She did well. Trailered from Tucson to Roosevelt Lake, AZ, and was able to get out on the lake by early afternoon, just when the doldrums set in. That’s all right. Kind of wanted to keep the excitement factor down on this maiden voyage anyway. Light and variable works for me. A little later, looking off to the West, I notice some ripples heading our way. Up came the breeze, and away we go!
The Macgregor swing keel is raised and lowered by a winch and cable, and when the boat’s underway, the taut cable plays what’s known as the “Macgregor hum”. It sounds like a cello, or, as my wife described it, the ominous theme from “Jaws”. And the sound will change with differing speeds, like an audible speedometer. You can eliminate the hum by slackening the cable, but I rather like it.
After a couple hours of tacking and running it looked as if the sun was going to drop behind the hills, so we decided to head to the marina for the night. Timing couldn’t have been more fortuitous, for just after we tied off, the winds came up around 30-ish, and stayed that way for the remainder of the night.
The next morning we motored out onto the lake again, and enjoyed winds of maybe 5-10 kts that had the boat heeling a little more than the day before, then in the afternoon those same doldrums from yesterday returned. Okay, this is a good time to try out the spinnaker, eh? Had Pam point the bow downwind while I went forward and set up the dousing sock and all the accoutrements. Now I know why a good spinnaker bag will include separate pockets for the lines and sheets, as the spin deployment showed a rather tangled mess. Oops, I forgot to rig the tack downhaul FORWARD of the genoa. Oops, the lazy sheet is easily snagged by the anchor hanging from the pulpit. And there just wasn’t enough breeze to fill the darned sail anyway, so down comes the sock and stowed goes the spinnaker.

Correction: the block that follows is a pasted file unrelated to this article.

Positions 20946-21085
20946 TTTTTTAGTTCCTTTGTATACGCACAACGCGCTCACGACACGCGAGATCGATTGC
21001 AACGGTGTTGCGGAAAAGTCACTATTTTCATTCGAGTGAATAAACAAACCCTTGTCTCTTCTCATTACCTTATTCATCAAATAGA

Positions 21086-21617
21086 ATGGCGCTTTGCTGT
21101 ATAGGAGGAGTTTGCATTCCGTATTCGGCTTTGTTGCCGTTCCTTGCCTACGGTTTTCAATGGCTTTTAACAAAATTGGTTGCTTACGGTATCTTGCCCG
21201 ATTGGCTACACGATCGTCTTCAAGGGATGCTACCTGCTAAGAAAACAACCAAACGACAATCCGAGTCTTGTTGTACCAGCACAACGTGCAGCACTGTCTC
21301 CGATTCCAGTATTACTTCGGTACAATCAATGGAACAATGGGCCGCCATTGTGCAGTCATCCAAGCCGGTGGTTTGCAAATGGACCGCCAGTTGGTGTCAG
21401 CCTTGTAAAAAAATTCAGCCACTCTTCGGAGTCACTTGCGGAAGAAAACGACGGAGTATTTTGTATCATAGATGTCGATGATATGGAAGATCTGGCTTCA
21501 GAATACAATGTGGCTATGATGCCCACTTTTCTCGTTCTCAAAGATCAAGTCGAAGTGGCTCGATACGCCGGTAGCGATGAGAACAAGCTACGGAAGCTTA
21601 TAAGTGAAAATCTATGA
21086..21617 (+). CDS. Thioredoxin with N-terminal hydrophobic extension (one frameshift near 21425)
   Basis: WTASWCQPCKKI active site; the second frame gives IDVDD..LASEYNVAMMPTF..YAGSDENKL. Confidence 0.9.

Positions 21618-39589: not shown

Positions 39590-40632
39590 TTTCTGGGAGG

We’ve still got to drive home this afternoon, so we start heading back to the ramp in light and variable winds. But by the time we got about halfway back, up came the wind, just like the day before. Is the wind here always like this? Got the boat onto the trailer, and wouldn’t you know it, even stronger winds were developing! Thankfully, there’s a large parking area in which I could point the trailer into the wind, making dropping the mast much less stressful.